If my sysadmin has to get involved every time someone visits my website, I should fire my sysadmin.
I've worked in systems administration and support at various companies for years, I don't discount the importance of those roles. But that's overhead in running a service, it's not part of each individual transaction.
@ajroach42 Those are all pretty populous places (to me).
I live in https://en.wikipedia.org/wiki/Terrace,_British_Columbia with ~12k ppl. The next biggest place is a 7 hour drive and has about 70k ppl. My kids couldn't believe how big it was! :-)
Canada is the second largest country, but nearly empty of people.
My province is the area of approx. 1.5X that of your state of texas, but has a population of only ~4.5 mm and most of those live near the border in the south.
I'm thinking about your main point. Where could I go to hang out for free? The mall. Library. College (cafe and library anyhow). It's winter 6-7 mos of the year, so I exclude parks etc.
@ajroach42 I wonder, is it maybe something that's been around for a long time, and they've been unable to figure out how to keep running it on an ongoing, more "full time basis". I wonder if someone approached them and asked what it would take to have more active, like even to be able to be open 2 nights a week would be a *huge* improvement. But maybe there isn't interest? Though it sounds like you're interested...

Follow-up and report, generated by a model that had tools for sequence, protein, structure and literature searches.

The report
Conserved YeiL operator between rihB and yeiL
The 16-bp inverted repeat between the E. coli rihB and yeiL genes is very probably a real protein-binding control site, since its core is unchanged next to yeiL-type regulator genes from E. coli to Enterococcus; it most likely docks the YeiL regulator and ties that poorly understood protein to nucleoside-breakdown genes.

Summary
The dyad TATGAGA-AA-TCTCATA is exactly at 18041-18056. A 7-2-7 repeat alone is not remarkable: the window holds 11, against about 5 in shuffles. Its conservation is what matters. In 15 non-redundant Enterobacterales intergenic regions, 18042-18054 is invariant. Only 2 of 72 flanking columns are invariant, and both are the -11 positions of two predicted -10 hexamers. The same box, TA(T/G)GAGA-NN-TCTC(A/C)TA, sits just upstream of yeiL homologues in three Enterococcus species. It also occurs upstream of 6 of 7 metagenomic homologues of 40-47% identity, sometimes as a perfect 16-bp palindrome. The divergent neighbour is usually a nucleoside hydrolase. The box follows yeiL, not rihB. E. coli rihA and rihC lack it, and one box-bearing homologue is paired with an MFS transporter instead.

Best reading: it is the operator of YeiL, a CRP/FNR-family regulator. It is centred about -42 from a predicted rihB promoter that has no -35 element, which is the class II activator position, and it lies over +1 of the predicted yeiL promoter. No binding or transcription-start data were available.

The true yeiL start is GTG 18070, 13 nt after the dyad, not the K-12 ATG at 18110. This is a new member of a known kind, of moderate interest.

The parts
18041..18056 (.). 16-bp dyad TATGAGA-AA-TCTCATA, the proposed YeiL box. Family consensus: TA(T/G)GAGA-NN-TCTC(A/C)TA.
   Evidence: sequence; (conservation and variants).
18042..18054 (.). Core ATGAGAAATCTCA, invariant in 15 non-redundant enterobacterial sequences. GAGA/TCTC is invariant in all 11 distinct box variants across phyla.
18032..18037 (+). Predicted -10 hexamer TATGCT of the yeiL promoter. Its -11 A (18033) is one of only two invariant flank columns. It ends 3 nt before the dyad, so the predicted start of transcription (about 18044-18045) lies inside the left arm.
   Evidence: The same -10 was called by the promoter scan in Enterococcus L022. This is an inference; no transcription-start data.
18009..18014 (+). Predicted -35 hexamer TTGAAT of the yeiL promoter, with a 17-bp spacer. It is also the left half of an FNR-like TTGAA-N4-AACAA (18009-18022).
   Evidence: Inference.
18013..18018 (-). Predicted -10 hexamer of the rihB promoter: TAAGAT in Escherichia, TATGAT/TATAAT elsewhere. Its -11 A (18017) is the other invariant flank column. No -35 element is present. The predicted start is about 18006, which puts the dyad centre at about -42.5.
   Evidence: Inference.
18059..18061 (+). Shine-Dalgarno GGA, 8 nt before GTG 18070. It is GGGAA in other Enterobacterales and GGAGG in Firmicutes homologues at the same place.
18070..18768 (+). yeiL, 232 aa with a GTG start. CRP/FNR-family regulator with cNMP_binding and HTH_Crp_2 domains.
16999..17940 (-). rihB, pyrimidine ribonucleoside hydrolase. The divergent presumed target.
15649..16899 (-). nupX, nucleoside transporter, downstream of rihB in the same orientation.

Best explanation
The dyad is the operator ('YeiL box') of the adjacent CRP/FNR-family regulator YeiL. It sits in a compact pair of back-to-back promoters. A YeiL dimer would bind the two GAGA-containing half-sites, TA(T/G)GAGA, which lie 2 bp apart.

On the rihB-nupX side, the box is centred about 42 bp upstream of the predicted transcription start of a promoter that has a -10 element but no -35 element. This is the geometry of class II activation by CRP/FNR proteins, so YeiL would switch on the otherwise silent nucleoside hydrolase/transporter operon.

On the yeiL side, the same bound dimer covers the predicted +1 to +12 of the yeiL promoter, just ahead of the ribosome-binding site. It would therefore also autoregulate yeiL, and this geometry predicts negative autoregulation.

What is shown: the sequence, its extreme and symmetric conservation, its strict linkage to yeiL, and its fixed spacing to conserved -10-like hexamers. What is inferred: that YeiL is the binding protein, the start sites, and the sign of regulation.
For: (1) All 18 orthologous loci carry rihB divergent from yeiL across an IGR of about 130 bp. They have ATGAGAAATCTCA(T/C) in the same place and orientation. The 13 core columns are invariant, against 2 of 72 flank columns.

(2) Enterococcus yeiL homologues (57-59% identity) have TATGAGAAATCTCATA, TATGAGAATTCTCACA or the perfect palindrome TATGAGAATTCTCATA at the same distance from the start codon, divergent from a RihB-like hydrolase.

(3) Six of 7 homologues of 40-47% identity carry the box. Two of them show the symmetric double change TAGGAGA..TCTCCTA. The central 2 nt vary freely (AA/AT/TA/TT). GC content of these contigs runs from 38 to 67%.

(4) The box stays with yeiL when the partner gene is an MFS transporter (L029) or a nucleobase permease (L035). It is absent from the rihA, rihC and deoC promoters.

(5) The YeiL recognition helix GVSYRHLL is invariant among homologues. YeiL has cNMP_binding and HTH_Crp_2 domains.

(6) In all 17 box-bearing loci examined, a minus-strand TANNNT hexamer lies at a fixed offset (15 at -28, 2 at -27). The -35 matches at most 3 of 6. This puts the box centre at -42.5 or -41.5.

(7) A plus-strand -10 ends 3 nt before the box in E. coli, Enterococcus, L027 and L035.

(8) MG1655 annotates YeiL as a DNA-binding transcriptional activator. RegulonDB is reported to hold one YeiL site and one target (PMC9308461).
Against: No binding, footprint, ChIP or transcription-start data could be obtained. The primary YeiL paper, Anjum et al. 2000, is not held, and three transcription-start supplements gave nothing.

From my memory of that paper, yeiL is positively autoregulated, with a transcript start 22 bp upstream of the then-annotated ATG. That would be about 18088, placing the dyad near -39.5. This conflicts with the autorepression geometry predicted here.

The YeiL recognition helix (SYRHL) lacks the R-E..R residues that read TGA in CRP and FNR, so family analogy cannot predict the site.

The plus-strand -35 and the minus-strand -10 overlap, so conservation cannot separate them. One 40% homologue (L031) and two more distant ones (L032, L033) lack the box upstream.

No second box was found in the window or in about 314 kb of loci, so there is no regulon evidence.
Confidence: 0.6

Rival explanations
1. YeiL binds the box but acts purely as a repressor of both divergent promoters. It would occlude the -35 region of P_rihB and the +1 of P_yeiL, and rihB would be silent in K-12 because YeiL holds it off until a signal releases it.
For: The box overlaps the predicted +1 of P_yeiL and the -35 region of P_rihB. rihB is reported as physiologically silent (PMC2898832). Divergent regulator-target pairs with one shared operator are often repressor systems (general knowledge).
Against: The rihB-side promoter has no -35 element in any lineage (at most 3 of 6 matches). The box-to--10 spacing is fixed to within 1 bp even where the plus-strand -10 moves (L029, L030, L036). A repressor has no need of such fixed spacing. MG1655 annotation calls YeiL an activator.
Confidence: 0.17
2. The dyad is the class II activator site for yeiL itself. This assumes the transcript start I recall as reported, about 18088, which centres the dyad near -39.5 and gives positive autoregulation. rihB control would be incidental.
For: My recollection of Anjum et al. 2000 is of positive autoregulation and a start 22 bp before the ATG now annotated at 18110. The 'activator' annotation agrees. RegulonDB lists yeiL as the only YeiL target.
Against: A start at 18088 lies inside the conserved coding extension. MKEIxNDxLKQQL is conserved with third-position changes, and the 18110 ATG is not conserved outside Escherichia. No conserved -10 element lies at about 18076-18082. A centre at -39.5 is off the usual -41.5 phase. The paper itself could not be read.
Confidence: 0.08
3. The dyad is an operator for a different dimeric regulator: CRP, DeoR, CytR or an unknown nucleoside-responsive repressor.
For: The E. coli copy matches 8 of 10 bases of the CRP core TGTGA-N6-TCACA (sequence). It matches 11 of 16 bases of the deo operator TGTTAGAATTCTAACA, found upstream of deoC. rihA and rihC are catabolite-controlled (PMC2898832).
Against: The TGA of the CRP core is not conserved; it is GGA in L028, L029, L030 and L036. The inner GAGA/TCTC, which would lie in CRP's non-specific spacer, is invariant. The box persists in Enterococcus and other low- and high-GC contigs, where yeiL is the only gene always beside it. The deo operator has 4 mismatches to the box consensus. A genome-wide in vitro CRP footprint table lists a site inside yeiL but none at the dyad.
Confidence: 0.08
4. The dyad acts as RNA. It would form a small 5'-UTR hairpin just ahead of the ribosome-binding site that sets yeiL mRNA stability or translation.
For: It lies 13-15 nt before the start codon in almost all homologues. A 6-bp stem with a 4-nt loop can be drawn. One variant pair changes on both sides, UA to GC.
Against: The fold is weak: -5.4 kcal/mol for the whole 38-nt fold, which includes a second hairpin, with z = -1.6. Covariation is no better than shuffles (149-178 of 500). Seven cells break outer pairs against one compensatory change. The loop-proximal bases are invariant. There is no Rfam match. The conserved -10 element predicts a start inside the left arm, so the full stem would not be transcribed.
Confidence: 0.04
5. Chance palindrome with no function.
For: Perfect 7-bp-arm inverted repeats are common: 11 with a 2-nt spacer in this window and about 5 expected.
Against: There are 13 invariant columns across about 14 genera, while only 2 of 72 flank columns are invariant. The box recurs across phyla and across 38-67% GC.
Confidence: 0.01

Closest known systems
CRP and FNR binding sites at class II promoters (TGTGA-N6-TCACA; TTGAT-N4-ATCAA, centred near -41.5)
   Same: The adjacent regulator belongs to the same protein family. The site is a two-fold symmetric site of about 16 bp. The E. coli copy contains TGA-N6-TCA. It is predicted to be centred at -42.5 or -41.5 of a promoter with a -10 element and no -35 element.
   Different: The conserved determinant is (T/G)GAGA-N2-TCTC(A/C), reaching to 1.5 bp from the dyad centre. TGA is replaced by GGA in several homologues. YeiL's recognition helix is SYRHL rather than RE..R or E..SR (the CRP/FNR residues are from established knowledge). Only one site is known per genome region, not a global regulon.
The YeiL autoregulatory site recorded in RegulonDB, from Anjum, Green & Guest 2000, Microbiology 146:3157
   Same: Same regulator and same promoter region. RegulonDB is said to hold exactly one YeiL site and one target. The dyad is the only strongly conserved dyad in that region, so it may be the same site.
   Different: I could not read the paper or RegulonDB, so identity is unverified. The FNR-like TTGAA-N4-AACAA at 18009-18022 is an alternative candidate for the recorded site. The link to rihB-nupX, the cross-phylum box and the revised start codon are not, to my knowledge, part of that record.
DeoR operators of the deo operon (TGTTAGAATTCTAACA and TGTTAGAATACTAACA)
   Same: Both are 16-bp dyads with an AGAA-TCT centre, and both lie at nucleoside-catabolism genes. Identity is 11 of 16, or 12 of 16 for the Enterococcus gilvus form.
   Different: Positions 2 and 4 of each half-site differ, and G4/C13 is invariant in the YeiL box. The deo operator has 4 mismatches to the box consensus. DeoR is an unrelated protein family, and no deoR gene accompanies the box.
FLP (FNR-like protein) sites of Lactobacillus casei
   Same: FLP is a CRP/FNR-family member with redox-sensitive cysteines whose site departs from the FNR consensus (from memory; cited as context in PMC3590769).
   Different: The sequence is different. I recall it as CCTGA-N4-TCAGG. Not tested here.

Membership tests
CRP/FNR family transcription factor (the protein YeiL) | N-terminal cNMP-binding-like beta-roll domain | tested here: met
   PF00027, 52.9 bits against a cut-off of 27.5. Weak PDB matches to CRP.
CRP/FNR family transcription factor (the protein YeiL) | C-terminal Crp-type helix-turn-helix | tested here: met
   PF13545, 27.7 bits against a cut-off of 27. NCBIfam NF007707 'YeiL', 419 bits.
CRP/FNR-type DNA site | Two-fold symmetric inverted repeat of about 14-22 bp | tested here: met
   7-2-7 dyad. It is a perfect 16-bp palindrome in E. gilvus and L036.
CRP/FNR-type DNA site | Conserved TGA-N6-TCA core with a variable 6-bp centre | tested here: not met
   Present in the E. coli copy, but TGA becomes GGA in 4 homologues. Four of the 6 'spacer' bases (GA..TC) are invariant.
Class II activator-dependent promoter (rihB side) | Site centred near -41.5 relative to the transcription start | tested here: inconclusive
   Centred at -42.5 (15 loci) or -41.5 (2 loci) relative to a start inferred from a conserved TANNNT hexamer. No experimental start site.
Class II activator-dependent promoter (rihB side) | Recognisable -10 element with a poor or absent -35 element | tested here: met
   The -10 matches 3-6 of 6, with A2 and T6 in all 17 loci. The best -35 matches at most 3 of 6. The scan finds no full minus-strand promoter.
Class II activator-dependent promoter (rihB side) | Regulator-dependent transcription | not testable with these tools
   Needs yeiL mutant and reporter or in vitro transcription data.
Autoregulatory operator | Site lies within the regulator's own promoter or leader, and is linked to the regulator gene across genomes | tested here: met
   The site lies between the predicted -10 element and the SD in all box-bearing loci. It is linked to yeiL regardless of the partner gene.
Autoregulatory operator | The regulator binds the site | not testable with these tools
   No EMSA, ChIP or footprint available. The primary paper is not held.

It's a county building, tax supported.
It's not that they aren't open in the evenings, it's that they pre-book their own events every day of the month that they are allowed to, so that they can serve the portion of the community they are interested in serving without having to deal with the community at large.
@ajroach42 I wouldn't say that it's a *bad* thing, if they are pretty much fully booked, but if people aren't able to book *a* space, then I have a bit of a problem. Then again, a lot of spaces that *seem* to be public even around here, really aren't. Not sure if they are "treated as public" enough that people need to worry about them not being public.
I might not be explaining myself clearly. Sorry about that.
The community center is big. It has an event room that can host 500+ people, a full industrial kitchen, and two smaller rooms that can host 50+ each.
It also has a lounge area with TVs and some pool tables.
The center books "events" in one of these smaller rooms, or in the lounge. These events are often just 5 - 10 people in a sewing circle, or a knitting night or whatever.
@ajroach42 Well, that doesn't really sound like they are fufilling their mandate then. Whatever that is. A big space like that which ends up, "booked up" because one event is booked in, really doesn't make sense. Booking for a *private* event perhaps could lead to it being closed like that, but a public event, I would say no, and public events should take precedence. And by "public" I mean an event that is "open to the public" even if it's ticketed (like a concert) no matter who runs it.